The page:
Global population stands at 7 billion and is predicted to reach 9 billion by 2050. It is anticipated that food production will need to increase by at least 50% to meet the demand arising from this increase in population. This will require a sustained improvement in crop yield. The nature of this challenge is exacerbated by the likely impact of climate change.
These factors combine to make Food Security one the key challenges for the 21st century. To deliver improvement and sustainability in crop production it will be necessary to harness a broad spectrum approaches. Crop improvement will be crucial and a major part in the delivery of this will be based on classical breeding. This harnesses the genetic variation that is generated by homologous recombination during meiosis. Meiotic recombination creates new combinations of alleles that confer new phenotypes that can be tested for enhanced performance. It is also crucial in mapping genetic traits and in the introgression of new traits from sources such as wild-crop varieties.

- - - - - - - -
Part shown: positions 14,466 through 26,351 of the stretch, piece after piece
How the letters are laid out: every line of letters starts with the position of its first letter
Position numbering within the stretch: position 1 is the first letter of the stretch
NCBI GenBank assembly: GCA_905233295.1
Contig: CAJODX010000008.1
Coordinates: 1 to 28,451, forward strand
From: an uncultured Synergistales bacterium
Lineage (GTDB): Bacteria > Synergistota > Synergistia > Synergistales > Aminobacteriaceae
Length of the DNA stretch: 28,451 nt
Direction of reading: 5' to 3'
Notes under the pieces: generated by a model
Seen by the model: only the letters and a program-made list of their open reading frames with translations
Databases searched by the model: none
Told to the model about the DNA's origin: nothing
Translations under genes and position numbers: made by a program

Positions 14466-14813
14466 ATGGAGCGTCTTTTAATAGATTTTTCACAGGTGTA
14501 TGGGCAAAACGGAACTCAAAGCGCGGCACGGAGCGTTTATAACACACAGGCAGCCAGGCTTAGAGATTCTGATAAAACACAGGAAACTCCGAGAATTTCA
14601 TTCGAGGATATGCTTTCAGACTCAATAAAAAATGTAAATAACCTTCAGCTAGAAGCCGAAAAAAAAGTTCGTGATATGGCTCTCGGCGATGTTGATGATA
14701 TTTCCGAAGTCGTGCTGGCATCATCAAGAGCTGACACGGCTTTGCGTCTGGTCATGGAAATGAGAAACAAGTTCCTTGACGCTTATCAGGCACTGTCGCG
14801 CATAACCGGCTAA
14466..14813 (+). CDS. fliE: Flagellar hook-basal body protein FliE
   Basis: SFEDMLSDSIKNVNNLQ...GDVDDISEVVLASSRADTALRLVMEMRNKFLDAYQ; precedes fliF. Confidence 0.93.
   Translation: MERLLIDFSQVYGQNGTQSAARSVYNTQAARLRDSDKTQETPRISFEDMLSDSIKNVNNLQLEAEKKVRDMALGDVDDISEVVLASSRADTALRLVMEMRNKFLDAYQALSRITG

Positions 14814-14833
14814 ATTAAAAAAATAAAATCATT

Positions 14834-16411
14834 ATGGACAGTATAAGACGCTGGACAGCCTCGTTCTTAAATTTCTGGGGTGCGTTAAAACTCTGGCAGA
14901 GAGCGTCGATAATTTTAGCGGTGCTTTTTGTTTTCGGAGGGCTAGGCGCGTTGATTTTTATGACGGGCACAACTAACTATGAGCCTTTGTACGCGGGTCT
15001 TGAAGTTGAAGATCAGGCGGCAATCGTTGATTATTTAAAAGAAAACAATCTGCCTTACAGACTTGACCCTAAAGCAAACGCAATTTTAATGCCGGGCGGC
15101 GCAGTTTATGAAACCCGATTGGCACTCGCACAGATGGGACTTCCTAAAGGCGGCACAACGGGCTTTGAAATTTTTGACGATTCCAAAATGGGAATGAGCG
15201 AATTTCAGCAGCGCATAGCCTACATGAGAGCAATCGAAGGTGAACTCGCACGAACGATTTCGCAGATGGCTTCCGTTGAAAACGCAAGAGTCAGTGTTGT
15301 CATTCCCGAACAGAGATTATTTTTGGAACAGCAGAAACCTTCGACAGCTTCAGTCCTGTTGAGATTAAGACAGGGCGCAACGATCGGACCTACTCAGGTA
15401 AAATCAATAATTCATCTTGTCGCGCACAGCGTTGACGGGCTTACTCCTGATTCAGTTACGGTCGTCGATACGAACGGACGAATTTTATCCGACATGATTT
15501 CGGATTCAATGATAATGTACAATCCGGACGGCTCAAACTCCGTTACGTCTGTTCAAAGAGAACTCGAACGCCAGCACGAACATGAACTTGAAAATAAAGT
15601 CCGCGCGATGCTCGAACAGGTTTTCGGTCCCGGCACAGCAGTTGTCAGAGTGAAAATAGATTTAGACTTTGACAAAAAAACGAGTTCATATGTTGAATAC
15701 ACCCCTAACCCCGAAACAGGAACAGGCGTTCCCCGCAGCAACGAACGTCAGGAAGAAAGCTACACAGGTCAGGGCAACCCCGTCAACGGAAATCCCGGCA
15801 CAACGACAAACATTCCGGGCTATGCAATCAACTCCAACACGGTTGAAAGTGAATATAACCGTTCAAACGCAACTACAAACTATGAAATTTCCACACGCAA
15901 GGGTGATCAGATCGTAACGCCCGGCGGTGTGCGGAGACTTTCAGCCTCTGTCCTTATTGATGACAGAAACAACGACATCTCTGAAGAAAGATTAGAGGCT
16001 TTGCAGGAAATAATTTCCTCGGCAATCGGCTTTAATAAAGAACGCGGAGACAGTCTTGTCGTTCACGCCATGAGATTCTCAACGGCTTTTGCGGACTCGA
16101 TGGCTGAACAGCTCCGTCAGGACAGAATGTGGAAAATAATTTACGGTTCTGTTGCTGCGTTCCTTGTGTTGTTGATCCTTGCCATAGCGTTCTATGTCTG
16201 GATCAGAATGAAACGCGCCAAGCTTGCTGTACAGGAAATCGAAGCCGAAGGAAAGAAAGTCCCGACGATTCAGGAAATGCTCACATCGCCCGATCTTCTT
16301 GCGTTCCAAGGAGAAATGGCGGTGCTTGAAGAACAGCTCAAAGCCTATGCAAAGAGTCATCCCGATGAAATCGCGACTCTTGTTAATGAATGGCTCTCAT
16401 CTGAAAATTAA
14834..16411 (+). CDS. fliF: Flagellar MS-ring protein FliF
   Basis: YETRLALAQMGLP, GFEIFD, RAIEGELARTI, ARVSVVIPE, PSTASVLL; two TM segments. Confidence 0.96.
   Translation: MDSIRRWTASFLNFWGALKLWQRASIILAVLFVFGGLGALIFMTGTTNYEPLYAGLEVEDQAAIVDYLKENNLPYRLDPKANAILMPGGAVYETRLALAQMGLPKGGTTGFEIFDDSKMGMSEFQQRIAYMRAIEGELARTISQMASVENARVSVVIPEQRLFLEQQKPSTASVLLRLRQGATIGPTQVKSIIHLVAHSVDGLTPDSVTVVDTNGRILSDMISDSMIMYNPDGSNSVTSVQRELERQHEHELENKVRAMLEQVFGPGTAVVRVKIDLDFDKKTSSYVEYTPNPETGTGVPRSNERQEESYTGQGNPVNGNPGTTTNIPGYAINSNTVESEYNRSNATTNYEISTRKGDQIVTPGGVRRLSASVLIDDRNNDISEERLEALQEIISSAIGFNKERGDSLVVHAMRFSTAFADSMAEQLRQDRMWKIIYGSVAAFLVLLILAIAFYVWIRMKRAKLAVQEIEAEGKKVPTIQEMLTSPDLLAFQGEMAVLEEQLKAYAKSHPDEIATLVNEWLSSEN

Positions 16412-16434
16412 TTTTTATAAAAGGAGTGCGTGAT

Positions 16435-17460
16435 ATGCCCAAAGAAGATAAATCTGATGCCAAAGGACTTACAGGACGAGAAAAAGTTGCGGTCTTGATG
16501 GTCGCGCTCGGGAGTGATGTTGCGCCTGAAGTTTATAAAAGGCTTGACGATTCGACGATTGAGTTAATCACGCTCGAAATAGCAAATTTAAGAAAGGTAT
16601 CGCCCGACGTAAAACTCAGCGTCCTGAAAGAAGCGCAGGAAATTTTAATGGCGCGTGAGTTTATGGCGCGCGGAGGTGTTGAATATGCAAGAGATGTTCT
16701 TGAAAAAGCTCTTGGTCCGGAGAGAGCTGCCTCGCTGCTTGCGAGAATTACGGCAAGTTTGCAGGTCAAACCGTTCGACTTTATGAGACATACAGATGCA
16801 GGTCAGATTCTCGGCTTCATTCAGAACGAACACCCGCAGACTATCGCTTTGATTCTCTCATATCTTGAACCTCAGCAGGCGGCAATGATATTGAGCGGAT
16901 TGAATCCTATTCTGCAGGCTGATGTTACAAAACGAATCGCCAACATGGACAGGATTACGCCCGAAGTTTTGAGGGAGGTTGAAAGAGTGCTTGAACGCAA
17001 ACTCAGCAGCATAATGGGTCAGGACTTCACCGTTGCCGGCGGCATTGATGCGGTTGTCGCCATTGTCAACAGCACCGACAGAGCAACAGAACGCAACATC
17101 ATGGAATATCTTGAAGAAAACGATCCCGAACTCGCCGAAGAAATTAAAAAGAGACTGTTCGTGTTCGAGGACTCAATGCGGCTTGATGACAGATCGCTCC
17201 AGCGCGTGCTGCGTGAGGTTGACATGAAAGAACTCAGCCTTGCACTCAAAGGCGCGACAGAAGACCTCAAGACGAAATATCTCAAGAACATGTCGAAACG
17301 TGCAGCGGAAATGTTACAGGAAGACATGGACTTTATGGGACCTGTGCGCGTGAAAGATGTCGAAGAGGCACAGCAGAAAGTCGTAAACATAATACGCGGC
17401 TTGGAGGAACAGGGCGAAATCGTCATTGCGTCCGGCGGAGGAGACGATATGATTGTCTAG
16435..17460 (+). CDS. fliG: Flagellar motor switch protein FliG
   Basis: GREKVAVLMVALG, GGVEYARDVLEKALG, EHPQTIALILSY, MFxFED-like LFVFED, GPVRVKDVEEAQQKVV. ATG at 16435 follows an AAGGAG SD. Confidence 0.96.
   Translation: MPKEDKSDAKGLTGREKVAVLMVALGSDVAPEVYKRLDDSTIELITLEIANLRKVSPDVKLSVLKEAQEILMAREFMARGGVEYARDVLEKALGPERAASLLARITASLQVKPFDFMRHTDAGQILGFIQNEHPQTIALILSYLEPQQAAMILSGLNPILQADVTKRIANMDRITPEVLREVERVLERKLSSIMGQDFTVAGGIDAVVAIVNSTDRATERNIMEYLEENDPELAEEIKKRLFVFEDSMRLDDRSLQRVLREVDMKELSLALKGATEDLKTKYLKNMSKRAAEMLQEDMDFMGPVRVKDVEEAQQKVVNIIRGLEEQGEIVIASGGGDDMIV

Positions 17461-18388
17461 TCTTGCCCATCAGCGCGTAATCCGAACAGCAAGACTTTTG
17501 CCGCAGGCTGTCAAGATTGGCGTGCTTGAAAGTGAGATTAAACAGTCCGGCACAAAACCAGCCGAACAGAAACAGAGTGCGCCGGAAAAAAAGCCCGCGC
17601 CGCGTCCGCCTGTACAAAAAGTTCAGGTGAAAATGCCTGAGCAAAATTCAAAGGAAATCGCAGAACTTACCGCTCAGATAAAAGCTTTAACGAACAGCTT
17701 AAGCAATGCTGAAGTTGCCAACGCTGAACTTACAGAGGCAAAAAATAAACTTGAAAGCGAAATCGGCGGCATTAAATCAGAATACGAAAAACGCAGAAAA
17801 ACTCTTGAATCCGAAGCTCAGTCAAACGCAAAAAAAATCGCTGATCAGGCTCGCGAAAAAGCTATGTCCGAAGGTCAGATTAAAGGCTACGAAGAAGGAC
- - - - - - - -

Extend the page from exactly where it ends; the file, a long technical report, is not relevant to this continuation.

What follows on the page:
Despite the central role played by meiosis in crop production we are remarkably ignorant as to how the process is controlled in these species. For example, it is not known why recombination in cereals and forage grasses is skewed towards the ends of the chromosomes such that an estimated 30-50% of genes rarely, if ever, recombine thereby limiting the genetic variation that is available to plant breeders.
Moreover, as many crop species are polyploid a further level of complexity is added to the meiotic process. Over the past 15 years studies in Arabidopsis, many conducted in the laboratories in the COMREC consortium, have provided both insights into the control of meiosis in plants and generated the tools to analyze this process in crop species. It is now timely, to translate this knowledge, training a new generation of young scientists who will gain the expertise to understand and develop strategies to modify recombination in crops.